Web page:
• Irritability, anger, or negative thoughts
  • Anxiety
  • Problems focusing
  • Poor memory
  • Poor academic performance

Children with DMD are more likely to be diagnosed with learning disabilities, attention-deficit/hyperactivity disorder (ADHD), and autism.

4. Abnormal Blood Work

Early on in the disease course — during early childhood or even infancy — your child may have unusual results for certain blood tests. They may have very high levels of an enzyme called creatine kinase as well as higher-than-expected levels of liver enzymes, including aspartate transaminase and alanine transaminase.

Tests That Help Confirm DMD

What do you do if your child is starting to show some of these symptoms? It’s a good idea to talk to your child’s doctor or to a provider that specializes in muscle disorders in children. Your pediatric health care team can recommend several tests, including some of the below, that can diagnose or rule out DMD and other related conditions.

Other tests aren’t used during the initial diagnosis of DMD but may be needed later on to look for complications of the condition. A complication is a second condition that develops while you are living with a first condition. Your child’s doctor may recommend ongoing testing to look for DMD complications.

Physical Exam

During an initial physical exam, the pediatrician will ask you or your child about possible symptoms. They may ask how long these symptoms have been occurring and inquire about other health issues your child has experienced in the past.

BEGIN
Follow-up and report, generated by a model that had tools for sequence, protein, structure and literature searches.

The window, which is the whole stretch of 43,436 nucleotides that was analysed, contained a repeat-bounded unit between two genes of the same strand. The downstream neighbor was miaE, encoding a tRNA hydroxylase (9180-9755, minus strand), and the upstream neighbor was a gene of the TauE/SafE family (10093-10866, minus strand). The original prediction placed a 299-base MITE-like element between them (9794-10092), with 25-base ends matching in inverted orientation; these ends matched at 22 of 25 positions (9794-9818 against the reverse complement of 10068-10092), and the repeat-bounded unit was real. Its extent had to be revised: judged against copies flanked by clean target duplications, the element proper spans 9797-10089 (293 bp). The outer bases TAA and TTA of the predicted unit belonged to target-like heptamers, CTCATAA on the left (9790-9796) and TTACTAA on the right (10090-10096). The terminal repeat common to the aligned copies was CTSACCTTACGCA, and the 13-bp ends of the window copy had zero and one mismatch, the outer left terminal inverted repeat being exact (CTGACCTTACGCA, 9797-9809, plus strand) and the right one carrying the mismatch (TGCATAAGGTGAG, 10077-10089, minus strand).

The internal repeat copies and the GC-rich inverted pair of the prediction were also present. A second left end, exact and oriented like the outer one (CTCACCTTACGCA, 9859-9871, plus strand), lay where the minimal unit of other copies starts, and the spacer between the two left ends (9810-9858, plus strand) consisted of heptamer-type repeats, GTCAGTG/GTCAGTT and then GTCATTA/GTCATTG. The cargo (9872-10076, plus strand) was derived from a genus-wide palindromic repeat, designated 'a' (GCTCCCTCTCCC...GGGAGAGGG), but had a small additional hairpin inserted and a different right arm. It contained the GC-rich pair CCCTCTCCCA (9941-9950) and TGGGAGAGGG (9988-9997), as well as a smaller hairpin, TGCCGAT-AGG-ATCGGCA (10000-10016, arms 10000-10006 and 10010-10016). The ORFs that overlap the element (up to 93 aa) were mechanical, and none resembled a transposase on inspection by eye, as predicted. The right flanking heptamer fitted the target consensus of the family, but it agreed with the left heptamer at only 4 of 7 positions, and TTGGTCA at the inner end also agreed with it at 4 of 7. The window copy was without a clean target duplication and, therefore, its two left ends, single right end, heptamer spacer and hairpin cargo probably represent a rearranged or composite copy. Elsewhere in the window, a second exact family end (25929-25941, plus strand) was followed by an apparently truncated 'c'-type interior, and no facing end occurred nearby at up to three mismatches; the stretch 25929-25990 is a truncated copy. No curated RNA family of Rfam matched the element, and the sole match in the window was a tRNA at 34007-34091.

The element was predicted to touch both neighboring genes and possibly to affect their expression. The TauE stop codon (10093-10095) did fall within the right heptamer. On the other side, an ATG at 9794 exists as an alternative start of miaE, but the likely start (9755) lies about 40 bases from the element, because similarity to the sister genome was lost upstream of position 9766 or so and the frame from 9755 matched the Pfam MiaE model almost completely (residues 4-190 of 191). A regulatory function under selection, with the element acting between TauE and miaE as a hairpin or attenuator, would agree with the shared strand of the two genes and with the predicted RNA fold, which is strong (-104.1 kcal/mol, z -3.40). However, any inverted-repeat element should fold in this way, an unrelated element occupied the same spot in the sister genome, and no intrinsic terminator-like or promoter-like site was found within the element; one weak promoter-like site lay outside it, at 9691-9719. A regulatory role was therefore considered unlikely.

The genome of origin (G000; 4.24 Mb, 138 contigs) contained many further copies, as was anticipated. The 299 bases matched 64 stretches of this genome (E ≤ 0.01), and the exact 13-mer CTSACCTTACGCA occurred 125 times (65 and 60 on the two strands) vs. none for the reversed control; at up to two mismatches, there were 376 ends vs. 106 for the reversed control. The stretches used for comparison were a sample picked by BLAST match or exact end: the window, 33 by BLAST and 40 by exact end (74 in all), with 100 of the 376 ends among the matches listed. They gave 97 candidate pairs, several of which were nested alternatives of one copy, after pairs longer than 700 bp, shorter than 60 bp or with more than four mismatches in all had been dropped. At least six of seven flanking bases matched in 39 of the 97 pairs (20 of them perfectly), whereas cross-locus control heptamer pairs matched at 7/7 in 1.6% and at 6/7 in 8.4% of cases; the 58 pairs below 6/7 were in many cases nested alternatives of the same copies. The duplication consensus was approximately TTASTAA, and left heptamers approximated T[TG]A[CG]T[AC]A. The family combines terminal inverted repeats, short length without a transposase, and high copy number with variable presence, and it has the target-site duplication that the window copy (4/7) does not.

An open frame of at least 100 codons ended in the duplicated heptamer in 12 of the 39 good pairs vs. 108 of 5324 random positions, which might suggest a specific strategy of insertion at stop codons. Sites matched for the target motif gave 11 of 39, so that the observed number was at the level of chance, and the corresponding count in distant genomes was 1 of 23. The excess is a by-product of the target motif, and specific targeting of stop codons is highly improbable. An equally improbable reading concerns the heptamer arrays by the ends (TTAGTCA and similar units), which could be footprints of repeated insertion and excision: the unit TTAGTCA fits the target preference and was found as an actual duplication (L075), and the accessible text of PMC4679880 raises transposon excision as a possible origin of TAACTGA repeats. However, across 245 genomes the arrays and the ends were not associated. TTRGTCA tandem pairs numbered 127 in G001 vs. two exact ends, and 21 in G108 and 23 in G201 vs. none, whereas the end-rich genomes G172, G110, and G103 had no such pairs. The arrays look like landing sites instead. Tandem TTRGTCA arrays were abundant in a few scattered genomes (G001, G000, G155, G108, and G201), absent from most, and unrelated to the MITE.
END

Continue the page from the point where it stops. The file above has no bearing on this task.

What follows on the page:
The pediatrician may also conduct a neurological exam and muscle exam. This involves performing tests to see how well your child’s nerves and muscles are working. Typical signs include Gowers’ sign, large calf muscles, and a tendency to walk on their toes.

Creatine Kinase Test

This test can help diagnose tissue damage. Levels of creatine kinase, an enzyme normally found in your muscle cells, increase when the muscles are harmed by injury, inflammation, or muscle diseases like DMD or rhabdomyolysis.

A creatine kinase test alone can’t diagnose DMD, but it can show when there are problems with the muscles. Your pediatrician will likely use this as a first step in determining that your child’s muscles are affected by a health condition.